On July 12, 2017, the Harvard Kennedy School of Government bestowed the prestigious Ash award in policy innovation, the "Nobel of policy," upon the Connecticut Green Bank for its role in "sparking the green bank movement." The Green Bank used financial structuring to attract private capital to clean energy projects in Connecticut.
Using transaction enablers and risk mitigants like loan loss reserve funds, interest rate buy-downs, subordinated debt, or warehousing facilities, the Green Bank lowered the cost of capital for consumers and businesses to install energy efficiency upgrades and renewable technology. It supported the banking industry in offering standardized products for consumers, and derisked larger stand-alone transactions.
But back in Connecticut, trouble was brewing. A contingent of leaders in the State House were calling for both a raid of the organization’s balance sheet, and a dramatic reallocation in its funding streams. After several months of intense political negotiations, on October 26, legislators swept $16.3 million annually from the Connecticut Green Bank’s budget over the following two years. In 2017, nearly 90% of the Connecticut Green Bank's operating funds came from public sources. How then could the Green Bank, whose mission rested on building trust, both insulate itself from the political winds from the north, and move toward a more sustainable funding model?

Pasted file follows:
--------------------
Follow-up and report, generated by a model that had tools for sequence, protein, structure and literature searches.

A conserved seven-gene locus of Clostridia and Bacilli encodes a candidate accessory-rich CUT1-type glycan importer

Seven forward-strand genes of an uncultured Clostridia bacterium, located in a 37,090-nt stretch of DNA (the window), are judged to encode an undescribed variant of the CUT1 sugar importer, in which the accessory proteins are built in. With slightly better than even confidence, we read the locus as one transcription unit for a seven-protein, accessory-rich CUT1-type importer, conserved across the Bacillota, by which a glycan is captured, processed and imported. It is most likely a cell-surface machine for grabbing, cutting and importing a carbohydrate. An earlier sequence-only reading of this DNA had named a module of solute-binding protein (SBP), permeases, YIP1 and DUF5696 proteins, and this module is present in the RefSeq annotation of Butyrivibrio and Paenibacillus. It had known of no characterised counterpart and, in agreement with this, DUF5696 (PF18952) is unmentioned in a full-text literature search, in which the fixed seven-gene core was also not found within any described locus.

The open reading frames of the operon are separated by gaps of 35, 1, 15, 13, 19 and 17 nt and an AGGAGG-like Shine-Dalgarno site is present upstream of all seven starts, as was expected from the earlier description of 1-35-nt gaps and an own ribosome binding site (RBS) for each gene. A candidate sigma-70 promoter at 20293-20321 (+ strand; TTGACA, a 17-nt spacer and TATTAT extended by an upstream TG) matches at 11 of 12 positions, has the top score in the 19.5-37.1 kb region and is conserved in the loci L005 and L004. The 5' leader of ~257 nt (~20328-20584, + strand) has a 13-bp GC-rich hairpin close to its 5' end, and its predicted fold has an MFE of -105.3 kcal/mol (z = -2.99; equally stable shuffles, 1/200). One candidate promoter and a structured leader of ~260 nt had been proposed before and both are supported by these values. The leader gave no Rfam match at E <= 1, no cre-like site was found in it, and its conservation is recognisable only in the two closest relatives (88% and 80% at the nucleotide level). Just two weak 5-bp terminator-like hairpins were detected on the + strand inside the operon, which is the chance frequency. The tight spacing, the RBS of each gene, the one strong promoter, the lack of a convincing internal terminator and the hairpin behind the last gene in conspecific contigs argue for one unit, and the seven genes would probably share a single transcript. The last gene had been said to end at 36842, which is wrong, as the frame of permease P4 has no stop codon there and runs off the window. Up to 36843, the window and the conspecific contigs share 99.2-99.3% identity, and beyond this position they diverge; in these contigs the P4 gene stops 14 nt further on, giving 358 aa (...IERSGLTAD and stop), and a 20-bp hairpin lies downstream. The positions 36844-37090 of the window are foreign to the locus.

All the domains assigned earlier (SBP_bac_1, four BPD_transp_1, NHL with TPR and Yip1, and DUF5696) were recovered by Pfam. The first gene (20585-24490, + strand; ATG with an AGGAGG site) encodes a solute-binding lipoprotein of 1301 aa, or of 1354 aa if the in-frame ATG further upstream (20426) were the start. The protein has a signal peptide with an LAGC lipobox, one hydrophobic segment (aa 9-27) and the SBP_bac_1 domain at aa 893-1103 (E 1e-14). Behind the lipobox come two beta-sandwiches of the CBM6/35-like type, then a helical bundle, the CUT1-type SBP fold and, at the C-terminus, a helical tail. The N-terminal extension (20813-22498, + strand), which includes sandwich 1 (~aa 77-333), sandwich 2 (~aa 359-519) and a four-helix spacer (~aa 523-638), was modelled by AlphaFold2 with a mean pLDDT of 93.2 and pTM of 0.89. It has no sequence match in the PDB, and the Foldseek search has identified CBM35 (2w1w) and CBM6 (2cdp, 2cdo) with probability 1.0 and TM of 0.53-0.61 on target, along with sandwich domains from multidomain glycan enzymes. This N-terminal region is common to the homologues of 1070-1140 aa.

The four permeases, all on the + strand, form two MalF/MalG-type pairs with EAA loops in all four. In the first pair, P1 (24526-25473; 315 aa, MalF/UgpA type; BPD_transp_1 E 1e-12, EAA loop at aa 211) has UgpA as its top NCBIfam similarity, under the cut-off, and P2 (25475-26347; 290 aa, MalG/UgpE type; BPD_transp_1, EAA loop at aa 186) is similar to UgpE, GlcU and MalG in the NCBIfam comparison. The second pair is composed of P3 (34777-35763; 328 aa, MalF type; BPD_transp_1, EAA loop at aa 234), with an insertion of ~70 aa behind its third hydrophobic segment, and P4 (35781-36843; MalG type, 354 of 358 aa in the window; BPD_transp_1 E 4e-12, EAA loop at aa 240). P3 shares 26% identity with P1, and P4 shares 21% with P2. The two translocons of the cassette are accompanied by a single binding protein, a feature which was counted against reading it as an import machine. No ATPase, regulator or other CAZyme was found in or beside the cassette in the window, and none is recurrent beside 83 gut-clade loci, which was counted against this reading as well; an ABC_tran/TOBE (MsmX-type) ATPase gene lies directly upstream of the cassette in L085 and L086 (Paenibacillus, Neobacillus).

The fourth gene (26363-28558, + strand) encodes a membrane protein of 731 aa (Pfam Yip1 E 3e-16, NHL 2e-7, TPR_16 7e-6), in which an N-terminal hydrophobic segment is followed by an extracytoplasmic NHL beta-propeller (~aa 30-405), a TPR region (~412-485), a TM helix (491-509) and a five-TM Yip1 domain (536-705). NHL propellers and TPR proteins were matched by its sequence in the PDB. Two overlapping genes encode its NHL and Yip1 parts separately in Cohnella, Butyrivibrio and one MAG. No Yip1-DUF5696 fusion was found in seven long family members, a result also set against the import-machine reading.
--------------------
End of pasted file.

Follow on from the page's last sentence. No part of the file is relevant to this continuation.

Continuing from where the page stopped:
The bank’s management team needed to carefully consider how different funding structures would impact their mission to accelerate private investment in clean energy, create Connecticut jobs, promote energy security, and address climate change. Further, changes to funding, structure, and products could all affect the "inclusive prosperity" goals that the executive team held dear. How could a sustainable model still serve all Connecticut residents, including distressed communities? Should the Connecticut Green Bank rethink how they approached interest-setting?
If profitable parts of the organization could support those that would never make sense on a pure financial basis, should they be kept on the balance sheet? And if so for how long? What were the political, economic, and climate risks and opportunities of a slower transition?
And what trade-offs existed between goals of demonstrating the performance of clean energy finance assets to the private sector, supplying as much capital to the market as possible, and alleviating energy poverty for low and moderate-income residents?